The St. Gallen-based Empa biotech spin-off, MycoSolutions AG, has developed a new fungal product that improves the soil and controls pest fungi in an environmentally friendly way. Wooden poles remain in use much longer, leading to cost savings of millions for operators. A "Proof-of-Concept" is now available for the integrated wood preservation method. In Europe, some 30 million wooden poles are used by telecommunications companies and electricity utilities. Every year, hundreds of thousands of these poles have to be replaced due to the occurrence of copper-tolerant, wood-destroying fungi. This results in millions in terms of costs. The problem is likely to worsen in the future, since the copper fixation agent chromium, (which is carcinogenic in a certain chemical form), and the wood preservative boron, are restricted by law. In addition, the authorisation for Switzerland will expire in 2019. In Germany, even stricter regulations have already been put in place. Since the use of boron has largely been discontinued, in certain regions the defects appear early, after only six to eight years and the wooden poles have to be replaced for safety reasons.

 

Girls are better at masking autism than boys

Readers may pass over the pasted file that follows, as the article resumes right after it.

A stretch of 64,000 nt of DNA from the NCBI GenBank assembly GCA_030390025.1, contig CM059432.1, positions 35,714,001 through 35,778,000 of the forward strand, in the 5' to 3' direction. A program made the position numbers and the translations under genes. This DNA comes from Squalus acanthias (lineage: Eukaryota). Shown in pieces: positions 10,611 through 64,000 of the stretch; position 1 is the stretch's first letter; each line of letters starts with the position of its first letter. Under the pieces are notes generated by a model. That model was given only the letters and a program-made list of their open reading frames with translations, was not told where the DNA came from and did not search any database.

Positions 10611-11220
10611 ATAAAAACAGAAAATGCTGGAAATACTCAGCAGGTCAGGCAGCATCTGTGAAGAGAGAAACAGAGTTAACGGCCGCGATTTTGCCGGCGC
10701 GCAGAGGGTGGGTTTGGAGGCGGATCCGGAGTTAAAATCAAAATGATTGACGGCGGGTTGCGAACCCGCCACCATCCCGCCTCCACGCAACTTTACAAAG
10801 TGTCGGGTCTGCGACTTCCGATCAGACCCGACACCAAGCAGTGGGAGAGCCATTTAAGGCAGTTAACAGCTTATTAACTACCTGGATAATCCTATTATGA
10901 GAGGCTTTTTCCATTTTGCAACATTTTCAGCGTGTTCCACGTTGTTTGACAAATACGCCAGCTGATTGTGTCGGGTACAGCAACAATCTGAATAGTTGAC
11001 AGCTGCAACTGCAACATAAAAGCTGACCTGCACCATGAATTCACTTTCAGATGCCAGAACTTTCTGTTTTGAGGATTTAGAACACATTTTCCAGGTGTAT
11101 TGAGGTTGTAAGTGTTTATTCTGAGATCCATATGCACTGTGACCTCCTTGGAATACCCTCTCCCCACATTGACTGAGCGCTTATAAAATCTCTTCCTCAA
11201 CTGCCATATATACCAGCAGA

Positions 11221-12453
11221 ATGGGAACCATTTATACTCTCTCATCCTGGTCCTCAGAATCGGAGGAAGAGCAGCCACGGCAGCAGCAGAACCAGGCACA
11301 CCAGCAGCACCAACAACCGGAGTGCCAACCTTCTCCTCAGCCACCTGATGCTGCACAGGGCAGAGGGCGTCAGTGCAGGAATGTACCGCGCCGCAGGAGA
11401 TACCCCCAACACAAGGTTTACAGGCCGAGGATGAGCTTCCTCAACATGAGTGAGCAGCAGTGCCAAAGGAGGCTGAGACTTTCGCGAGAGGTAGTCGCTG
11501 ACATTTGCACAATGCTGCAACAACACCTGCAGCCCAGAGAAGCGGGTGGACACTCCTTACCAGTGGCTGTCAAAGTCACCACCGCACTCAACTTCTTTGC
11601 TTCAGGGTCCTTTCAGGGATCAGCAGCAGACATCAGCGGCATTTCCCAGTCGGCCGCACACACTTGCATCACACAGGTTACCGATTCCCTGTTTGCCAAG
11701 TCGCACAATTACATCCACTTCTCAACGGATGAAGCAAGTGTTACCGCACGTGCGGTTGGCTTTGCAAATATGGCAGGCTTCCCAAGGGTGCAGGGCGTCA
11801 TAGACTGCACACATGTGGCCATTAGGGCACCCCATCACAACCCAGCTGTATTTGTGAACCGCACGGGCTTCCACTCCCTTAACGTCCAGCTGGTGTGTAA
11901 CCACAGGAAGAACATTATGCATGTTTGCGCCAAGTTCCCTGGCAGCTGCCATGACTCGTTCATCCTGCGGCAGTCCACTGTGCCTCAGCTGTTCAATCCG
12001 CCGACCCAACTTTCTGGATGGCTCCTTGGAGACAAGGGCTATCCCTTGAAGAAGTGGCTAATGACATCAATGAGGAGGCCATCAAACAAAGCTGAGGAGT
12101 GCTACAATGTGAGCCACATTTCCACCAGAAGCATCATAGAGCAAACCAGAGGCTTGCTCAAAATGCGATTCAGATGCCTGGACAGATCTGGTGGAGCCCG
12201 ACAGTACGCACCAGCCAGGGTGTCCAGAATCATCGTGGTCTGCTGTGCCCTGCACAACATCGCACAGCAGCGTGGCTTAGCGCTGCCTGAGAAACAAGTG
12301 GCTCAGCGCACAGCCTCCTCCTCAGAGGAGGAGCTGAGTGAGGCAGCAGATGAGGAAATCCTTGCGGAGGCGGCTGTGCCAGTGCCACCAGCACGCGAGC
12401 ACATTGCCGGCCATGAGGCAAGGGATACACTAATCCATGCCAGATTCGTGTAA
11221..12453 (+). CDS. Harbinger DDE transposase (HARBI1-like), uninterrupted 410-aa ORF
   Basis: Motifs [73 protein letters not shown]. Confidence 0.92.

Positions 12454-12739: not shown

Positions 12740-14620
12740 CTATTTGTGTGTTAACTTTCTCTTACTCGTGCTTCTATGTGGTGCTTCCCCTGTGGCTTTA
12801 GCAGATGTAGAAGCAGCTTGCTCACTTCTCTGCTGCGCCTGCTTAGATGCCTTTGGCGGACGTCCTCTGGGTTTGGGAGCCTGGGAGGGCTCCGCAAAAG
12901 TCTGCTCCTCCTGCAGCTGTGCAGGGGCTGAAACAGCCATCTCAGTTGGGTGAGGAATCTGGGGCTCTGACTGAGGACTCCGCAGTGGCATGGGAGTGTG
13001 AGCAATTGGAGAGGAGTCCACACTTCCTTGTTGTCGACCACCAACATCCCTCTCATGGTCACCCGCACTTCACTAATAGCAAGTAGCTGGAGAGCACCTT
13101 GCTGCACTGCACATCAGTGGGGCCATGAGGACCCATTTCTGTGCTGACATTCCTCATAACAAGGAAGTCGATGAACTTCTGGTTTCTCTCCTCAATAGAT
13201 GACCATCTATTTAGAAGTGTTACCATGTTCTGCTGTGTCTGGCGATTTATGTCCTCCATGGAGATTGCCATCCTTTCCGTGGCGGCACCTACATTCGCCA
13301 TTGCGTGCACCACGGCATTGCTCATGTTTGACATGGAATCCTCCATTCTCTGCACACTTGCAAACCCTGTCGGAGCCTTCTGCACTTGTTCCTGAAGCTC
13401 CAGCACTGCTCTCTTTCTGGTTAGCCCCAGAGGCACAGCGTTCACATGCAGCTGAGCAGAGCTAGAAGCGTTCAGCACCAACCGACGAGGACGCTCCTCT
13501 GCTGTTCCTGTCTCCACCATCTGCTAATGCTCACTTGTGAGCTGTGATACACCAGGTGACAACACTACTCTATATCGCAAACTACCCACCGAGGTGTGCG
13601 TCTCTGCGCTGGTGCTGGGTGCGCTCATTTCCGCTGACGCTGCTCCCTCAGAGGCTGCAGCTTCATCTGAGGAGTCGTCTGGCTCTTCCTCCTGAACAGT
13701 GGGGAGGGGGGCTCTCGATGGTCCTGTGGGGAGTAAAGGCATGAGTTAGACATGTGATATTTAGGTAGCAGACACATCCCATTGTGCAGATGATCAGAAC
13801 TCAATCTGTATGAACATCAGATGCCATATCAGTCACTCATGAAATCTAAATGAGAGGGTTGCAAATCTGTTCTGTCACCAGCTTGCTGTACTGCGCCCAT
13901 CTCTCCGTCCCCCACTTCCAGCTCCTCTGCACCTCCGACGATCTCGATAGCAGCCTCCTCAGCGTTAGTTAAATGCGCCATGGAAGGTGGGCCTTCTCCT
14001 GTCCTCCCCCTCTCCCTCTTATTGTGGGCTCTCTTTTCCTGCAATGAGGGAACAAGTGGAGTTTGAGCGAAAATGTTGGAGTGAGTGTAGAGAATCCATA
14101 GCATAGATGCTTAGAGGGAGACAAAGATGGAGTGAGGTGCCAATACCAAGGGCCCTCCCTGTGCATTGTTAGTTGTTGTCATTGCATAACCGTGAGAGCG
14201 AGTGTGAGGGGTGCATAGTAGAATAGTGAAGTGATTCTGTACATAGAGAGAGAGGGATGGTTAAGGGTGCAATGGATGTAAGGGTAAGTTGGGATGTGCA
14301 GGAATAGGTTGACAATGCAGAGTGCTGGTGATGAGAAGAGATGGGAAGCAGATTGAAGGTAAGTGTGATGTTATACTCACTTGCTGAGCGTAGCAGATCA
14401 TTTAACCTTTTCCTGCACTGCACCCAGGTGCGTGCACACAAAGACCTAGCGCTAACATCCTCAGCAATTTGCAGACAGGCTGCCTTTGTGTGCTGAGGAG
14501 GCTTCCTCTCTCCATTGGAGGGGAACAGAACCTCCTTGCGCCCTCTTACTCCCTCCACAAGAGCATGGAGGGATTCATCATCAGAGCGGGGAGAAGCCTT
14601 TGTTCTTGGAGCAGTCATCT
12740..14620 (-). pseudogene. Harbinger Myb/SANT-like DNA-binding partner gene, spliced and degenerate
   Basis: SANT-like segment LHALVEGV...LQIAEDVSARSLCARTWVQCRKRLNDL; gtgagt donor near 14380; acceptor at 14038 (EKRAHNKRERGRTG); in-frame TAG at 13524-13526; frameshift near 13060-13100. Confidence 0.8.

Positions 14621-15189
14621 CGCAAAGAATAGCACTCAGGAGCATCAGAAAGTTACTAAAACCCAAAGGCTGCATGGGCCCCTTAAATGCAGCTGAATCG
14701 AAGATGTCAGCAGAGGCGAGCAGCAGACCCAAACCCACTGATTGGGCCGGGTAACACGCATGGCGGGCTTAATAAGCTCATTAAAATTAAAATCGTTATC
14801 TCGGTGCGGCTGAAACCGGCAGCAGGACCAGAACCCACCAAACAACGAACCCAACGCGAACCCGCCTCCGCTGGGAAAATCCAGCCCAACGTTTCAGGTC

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Girls with autism have relatively good social skills, which means that their autism is often not recognised. Autism manifests itself in girls differently from in boys. Psychologist Carolien Rieffe and colleagues from the Autism Centre and INTER-PSY (Groningen) report their findings in scientific journal Autism. Information about autism in girls is scarce. What we know about autism is mainly based on research among boys and men. That can be a problem, says Leiden Professor of Development Psychology Rieffe: ‘If we take the clinical picture for boys with autism as the standard, there's a good chance that autism in girls won't be picked up.' To change this, Rieffe and her colleagues examined how autism manifests itself in girls.